“My first experience with organic was with my wallet,” said Peter Laufer. “I watched my grocery bill double.”
Laufer, the James Wallace Chair of Journalism — and my former professor — at the University of Oregon’s School of Journalism and Communication, was visiting the Seaside Public Library to speak about his book, “Organic: A Journalist’s Quest to Discover the Truth Behind Food Labeling.”
In the U.S., organic food sales are at $30 billion a year and growing. Price and profit, however, were only one aspect of Laufer’s talk.
In his book, Laufer said, he sets out to trace the origin of two items in his kitchen that bear organic labels: Trader Joe’s walnuts — a product of Kazakhstan (a fact that had many in the audience shaking their heads in disbelief) — and Market of Choice black beans, a product of Bolivia. The countries of origin were Laufer’s first red flag.
“We’re in Eugene, Oregon, the capital of touchy-feely organic food, and there’s walnuts from Kazakhstan and black beans from Bolivia being sold to me?” he said. When it comes to corruption, Kazakhstan takes the cake. “There is no organic sector in Kazakhstan. Zero. Zip,” Laufer said.
As a consumer, a journalist and a university researcher, he knocked on the doors of Trader Joe’s, Market of Choice, the U.S. Department of Agriculture, and third-party organic certifier Quality Assurance International, the goal being to connect with the actual farmers and learn whether those organic labels were telling the truth. The response he got: a lot of doors slammed in his face.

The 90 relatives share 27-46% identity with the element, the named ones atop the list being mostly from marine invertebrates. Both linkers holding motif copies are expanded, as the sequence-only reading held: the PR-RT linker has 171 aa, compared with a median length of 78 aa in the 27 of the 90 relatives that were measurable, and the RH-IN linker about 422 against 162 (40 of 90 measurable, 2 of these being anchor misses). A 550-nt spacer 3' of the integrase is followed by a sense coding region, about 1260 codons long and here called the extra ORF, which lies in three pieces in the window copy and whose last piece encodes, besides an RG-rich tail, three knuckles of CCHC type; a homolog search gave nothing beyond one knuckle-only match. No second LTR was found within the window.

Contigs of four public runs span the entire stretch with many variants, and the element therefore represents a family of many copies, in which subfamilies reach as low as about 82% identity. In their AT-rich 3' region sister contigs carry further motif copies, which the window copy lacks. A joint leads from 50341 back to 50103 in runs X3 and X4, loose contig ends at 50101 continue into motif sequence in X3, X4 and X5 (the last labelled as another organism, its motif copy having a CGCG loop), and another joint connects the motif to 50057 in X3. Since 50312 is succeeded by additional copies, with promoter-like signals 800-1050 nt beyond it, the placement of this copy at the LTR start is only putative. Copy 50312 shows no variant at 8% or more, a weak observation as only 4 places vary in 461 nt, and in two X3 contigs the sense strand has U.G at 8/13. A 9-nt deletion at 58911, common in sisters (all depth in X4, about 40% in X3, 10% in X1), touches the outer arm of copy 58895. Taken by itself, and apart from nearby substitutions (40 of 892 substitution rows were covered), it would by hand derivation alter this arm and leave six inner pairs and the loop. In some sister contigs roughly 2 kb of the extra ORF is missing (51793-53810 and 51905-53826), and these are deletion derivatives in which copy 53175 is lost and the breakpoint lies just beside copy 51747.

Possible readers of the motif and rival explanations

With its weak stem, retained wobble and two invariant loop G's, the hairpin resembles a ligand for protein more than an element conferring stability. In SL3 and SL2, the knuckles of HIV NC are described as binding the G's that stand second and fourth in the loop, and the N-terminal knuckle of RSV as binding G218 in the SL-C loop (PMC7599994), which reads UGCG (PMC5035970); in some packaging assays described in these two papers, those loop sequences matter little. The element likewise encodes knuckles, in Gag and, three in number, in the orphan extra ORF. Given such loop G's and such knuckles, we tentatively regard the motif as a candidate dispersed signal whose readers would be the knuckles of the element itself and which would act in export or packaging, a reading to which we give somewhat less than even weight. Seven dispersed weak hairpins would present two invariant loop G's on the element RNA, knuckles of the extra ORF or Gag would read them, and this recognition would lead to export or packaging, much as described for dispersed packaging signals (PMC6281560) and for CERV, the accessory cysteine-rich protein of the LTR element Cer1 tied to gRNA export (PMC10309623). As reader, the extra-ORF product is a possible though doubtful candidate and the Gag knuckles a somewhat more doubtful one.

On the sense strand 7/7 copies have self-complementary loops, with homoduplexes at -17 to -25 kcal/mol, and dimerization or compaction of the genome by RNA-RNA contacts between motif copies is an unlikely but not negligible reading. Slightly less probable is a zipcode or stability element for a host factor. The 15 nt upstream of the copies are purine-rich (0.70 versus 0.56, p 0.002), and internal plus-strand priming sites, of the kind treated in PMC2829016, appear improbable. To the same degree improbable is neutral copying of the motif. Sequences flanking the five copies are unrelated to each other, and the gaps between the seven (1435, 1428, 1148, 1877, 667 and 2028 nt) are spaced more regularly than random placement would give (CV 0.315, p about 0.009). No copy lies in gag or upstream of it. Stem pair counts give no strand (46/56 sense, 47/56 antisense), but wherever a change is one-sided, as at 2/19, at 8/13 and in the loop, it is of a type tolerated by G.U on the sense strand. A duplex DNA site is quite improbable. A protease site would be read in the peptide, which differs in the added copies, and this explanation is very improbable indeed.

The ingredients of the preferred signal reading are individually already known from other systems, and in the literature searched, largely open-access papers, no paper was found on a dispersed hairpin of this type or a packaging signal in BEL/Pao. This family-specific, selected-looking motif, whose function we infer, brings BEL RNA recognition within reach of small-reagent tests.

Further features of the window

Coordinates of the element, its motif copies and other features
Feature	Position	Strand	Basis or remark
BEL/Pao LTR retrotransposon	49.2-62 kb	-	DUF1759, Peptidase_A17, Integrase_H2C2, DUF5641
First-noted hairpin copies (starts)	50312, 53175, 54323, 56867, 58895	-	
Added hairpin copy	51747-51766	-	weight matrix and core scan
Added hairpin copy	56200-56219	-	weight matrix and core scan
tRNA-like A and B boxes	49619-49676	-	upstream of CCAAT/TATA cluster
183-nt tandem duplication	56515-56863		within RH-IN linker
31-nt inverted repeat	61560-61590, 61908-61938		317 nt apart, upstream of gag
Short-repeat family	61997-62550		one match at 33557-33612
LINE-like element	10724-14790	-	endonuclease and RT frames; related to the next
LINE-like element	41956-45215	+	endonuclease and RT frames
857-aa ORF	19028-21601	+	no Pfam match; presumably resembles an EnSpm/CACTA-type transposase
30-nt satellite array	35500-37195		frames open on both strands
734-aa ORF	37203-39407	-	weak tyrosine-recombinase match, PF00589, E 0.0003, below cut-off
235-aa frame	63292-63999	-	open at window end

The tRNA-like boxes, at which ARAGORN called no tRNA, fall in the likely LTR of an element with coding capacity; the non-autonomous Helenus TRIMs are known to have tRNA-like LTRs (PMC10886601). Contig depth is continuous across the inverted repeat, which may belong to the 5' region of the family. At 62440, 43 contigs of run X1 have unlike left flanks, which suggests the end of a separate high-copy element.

A Freedom of Information Act request eventually produced paperwork — but contained page after page of redacted, blacked-out information.
The underlying message Laufer received was, “It’s none of your business where the food you’re buying is coming from.” This is problematic, Laufer said. You should be able to know the history of what you’re putting in your gut.
“The secrecy, to me, is troubling,” Laufer said. “If there’s transparency, then we as consumers can make informed decisions.”
Ultimately, when food is globally sourced, there are too many opportunities for error, he said. “To think that if it’s got that sticker on it, it’s got validity, that — I think the academic term — is hogwash.”
Laufer’s solution: Don’t take all organic labels at face value. Be smart. Get to know your grocer, and ask questions. Buy local when you can; visit farmers markets.
I won’t spoil the ending of his adventure (or the book), but Laufer did make it to Bolivia, and he did meet a bean farmer.
Traveling to Bolivia for “Organic” wasn’t new; Laufer is no stranger to foreign countries. He’s taught and worked around the world. For his book “The Dangerous World of Butterflies,” he traveled through Nicaragua. This summer he’ll teach in Vienna. This week he and some UO journalism students are in Latvia for World Press Freedom Day, a worldwide celebration led by UNESCO.